```You want 195x to mean "the 1950s"?  (Rather than the meaning I had thought
we decided on.)

Since you are the only one (as far as I know) who cares about the x
notation, it's fine with me.

--Ray

> -----Original Message-----
> From: Discussion of the Developing Date/Time Standards
> [mailto:[log in to unmask]] On Behalf Of Edward C. Zimmermann
> Sent: Tuesday, June 28, 2011 9:31 AM
> Subject: Re: [DATETIME] On the usefulness of x
>
> On Mon, 27 Jun 2011 16:57:19 -0400, Ray Denenberg wrote
> > > {1950..1959} means the set (all of) dates 1959 through 1959. It is
> > > an array of dates expressed with a precision of year.
> > > The expression 195x, by contrast, is neither an array nor an
> > > expression with a precision of year but a date with a precision of
> 10 years.
> >
> > Are you perhaps confusing 'x' with 'u'?
>
> No. The expression 195u has a precision of year. It is used to express
> a date in year precision where the year, however, is not (yet) known.
> The expression, by contast, 195x is of decade precision (10 years) and
> does not express any uncertainty. The expression, for example, "The
> journal was published in 195u" I would take to imply that it was
> published in some year in the 1950s but its uncertain, at this time,
> which. The expression, by contrast, "The journal was published 195x" I
> would take to mean that the said journal was published in at least one
> of the years in the 1950s.
> 195u -----------> 1 year in the range 1950 to 1959. The date is
> expressed with precision of year.
> 195x -----------> 1 or MORE years in the range 1950 to 1959 expressed
> with the precision of decade.
>
> >
> > 199u means "one of the years 1990, 1991, 1992, etc."
> > 199x is supposed to mean "ALL of the years 1990, 1991, 1992, etc."
>
> That is the difference in our views and why I think "x" is needed and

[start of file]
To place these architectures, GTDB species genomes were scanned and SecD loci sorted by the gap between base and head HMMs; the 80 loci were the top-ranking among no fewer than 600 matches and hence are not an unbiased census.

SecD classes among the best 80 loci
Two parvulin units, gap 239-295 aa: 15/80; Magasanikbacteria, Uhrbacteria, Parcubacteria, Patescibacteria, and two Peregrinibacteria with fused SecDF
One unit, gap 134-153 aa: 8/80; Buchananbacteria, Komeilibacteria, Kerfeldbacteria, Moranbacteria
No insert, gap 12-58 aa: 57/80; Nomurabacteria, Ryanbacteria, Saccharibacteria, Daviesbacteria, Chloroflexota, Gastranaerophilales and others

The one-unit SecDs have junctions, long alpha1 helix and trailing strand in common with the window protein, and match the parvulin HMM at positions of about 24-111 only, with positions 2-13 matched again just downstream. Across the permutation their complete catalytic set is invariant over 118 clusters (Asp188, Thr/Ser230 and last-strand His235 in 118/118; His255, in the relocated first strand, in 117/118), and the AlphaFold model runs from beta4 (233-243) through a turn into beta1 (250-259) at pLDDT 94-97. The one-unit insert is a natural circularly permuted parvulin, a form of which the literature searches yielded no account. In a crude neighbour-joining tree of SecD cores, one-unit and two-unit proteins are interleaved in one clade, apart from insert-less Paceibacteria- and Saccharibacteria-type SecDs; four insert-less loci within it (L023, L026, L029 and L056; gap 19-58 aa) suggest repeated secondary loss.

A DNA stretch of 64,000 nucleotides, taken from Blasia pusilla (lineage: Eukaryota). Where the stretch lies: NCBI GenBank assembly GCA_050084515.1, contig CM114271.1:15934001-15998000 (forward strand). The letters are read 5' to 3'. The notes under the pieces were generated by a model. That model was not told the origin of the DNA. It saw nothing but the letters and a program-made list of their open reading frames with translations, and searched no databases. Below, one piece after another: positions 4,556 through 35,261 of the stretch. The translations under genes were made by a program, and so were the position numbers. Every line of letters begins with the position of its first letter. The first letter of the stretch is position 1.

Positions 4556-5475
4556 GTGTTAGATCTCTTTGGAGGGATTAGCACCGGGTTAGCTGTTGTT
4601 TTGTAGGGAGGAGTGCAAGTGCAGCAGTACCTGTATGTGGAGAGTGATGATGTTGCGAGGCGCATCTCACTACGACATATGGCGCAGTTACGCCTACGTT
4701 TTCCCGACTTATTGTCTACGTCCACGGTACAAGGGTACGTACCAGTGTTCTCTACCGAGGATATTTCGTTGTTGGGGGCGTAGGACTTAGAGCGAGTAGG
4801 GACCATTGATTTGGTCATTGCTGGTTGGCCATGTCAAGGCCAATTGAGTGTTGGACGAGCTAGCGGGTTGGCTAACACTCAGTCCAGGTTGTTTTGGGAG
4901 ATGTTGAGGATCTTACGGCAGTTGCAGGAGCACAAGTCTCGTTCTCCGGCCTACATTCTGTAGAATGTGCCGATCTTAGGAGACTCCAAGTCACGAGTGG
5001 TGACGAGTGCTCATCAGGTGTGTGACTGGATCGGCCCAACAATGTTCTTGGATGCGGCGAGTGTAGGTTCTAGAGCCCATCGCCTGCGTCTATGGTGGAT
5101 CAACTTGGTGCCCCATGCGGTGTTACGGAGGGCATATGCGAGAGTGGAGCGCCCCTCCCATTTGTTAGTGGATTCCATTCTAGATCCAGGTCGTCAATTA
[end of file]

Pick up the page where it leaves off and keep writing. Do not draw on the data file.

> can't be  replaced by {..} expressions. {1950..1959) can mean ALL of
> the years since its an expression of an array of dates with an implicit
> measurement precision of year.
> If one agrees that the expression "195x" has a precision of decade than
> it can't be ALL since that would entail a readability (precision) of
> year.
> The contruct 'x' (from right to left) I took to represent the
> expressions "1950s", 18th Century etc.
> The expression 195x (1950s) is, I think, like reading a short
> thermometer with ticks every 10 degrees. Its hard to talk about where,
> for example, 33 degrees is..  its not readable to degree.
> Its, again, like 1999. That expression does not mean "all" days, hours,
> minutes or .. If I say that a journal was published in 1999 I mean that
> at least one issue (perhaps more) was published in 1999 but not that an
> issue was published every second. "1999" means one or more and not ALL.
> The expression "1999" has a precision of year so I can't read precisely
> month, day, hour, minute, second ...
>
> >
> > The example cited is someone listing years of publication. For
> example
> > for
> a
> > book published in 1992, 1996, and 1998 you could list its years of
> > publication as {1992, 1996, 1998}.
> >
> > But say it was published in 1988, 1990, 1991, 1992, 1993, 1994, 1995,
> > 1996, 1997, 1998, 1999, 2002, and 2004.
> >
> > You could list its years of publication as {1988, 199x, 2002, 2004}.
> >
> > This is what we decided many months ago.
>
> I did not decide this :-)
> I was always, I think, speaking of precision. Wildcards never really
> interested me except in queries. That is why I see 195x as being
> something to implement (well its been implemented already by me as I
> have interpreted
> it) but not 1x59. I can see some interesting questions expressable with
> wildcards such as "turn of the century", "mid century" etc. but see
> them on the side of query and less on the side of date representation
> for storage--- I would implement these, just as generalized 'u', in the
> query engine (state
> machine) and not in my indexer (data storage model).
>
> >
> > --Ray
>
>
> --
>
> Edward C. Zimmermann, NONMONOTONIC LAB
> http://www.nonmonotonic.net
> Umsatz-St-ID: DE130492967
```